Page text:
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Sports Then and Now

Bulldog Turner: Two-Way Star

Posted on November 12, 2017 by Dean Hybl
Bulldog Turner

Bulldog Turner

The Sports Then and Now Vintage Athlete of the Month was a two-way star for the dominant Chicago Bears teams of the 1940s.

Though Hardin-Simmons College in Abilene, Texas was not known as a football power, legendary head coach George Halas could find great players anywhere and chose Clyde “Bulldog” Turner with the seventh pick in the 1940 NFL Draft.

Turner immediately became a two-way star for the Bears, playing center on offense and linebacker on defense. Chicago went 8-3 in 1940 and reached the NFL Championship Game against the Washington Redskins.

In the most lopsided game in NFL Championship history, Turner returned an interception for a touchdown as the Bears defeated the Redskins 73-0.

The following season, Turner earned first team All-Pro honors for the first of seven times in his career as the Bears went 10-1 and then romped past the New York Giants 37-9 in the Championship Game.

In 1942 Turner led the NFL with eight interceptions as the Bears finished the regular season with a perfect 11-0 record. Unfortunately, the Bears were unable to complete the perfect season as they lost the NFL Championship to the Redskins 14-6.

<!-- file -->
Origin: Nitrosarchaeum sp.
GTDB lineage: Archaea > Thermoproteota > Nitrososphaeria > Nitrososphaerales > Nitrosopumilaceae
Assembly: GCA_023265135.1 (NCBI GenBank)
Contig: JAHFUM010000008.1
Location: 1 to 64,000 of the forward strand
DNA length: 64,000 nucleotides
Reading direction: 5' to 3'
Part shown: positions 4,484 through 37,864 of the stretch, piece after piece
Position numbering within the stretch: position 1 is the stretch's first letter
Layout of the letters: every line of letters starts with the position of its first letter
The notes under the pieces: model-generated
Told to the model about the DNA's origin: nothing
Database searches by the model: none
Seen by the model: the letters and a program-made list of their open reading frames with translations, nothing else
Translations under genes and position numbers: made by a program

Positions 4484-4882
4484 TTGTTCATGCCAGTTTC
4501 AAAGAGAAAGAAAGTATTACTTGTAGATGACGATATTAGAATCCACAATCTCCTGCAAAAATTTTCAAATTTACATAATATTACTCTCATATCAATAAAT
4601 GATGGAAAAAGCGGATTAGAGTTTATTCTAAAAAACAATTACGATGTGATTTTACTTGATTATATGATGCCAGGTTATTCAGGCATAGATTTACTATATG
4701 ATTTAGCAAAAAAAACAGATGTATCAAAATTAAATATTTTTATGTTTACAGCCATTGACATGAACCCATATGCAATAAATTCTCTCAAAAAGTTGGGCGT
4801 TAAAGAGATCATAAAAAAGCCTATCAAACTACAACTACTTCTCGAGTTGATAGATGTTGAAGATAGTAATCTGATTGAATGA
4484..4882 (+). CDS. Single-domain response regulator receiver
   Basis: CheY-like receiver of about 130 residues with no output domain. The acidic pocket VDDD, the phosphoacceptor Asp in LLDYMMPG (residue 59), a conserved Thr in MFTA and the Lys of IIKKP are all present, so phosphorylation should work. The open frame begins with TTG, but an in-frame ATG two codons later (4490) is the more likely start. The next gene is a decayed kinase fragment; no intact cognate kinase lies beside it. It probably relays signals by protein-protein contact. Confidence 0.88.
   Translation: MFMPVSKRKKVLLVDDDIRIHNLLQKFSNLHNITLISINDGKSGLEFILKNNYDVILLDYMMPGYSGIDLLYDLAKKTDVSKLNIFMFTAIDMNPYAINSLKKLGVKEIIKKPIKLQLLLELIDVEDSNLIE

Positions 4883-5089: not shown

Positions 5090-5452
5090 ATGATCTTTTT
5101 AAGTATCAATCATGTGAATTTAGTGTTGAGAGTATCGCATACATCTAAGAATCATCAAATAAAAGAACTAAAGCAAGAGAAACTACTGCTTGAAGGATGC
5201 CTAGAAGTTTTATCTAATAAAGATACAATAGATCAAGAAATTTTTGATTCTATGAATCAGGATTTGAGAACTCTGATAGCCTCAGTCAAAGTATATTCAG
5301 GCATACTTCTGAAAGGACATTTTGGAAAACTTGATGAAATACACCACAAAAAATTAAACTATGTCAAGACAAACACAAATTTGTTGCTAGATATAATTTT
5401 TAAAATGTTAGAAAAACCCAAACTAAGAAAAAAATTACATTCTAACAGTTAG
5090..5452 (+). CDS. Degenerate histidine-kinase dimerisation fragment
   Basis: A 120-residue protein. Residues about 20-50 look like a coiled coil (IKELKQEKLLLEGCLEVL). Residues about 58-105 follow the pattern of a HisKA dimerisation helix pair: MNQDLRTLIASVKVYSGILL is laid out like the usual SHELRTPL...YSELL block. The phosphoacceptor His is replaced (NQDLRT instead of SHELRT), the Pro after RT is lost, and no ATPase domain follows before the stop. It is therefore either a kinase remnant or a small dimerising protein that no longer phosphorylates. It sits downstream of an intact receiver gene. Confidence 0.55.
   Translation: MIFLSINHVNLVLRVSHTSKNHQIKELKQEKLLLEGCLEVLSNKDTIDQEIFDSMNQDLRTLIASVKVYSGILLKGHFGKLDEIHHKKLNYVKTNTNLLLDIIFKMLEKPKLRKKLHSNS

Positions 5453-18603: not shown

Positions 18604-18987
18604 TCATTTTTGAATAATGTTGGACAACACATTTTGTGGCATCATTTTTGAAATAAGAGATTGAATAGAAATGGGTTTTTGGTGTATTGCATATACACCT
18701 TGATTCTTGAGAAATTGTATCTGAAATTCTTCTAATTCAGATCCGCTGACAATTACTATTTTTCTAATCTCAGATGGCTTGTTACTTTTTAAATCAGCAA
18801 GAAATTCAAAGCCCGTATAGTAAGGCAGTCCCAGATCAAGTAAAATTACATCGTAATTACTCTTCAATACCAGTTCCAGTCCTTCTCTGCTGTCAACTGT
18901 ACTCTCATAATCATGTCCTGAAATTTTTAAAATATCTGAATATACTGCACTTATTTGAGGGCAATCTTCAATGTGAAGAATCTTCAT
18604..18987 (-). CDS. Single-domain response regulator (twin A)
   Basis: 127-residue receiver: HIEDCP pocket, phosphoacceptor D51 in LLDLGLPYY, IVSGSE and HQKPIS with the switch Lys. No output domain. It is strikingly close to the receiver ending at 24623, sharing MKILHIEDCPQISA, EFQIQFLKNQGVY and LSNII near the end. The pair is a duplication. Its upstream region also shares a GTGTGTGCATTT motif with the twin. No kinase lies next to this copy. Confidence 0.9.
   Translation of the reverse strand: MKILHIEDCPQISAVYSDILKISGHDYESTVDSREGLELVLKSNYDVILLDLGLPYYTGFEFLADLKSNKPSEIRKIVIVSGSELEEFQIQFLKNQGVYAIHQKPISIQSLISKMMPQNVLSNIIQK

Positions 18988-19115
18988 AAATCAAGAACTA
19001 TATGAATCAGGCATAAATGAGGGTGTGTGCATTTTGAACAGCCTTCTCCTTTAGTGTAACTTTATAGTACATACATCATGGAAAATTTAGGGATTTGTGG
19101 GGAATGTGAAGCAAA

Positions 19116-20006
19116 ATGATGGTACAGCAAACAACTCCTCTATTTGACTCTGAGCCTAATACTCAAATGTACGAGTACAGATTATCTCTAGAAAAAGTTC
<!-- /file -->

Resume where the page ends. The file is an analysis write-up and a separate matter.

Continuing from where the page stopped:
Chicago avenged their championship loss the following season as they reached the championship game for the fourth straight year and defeated the Redskins 41-21.

As the center in a then-novel T formation directed by quarterback Sid Luckman, Turner used his 6-foot-2-inch, 232-pound frame to provide powerful blocking.

Turner showed his versatility in a 1944 game against the combined Cardinals-Steelers team. After the regular running backs were ejected following a fight, Turner took the only rushing attempt of his career 48 yards for a touchdown.

In 1947 Turner returned a Sammy Baugh pass 96 yards for a touchdown. Ironically, both Turner and Baugh had attended Sweetwater High School, though Baugh was two years ahead of Turner.

During his 13-year career, Turner played in six NFL Championship Games with the Bears winning four titles.

The two-way star was a seven time first team All-Pro selection and played in four Pro Bowls. He was a member of the NFL All-Decade Team for the 1940s.

After retiring following the 1952 season, Turner spent four seasons as an assistant coach for the Bears.

In 1962 he saw his only duty as a head coach and led the New York Titans to a 5-9 record.

Turner was elected to the Pro Football Hall of Fame in 1966. He passed away at the age of 79 in 1998.

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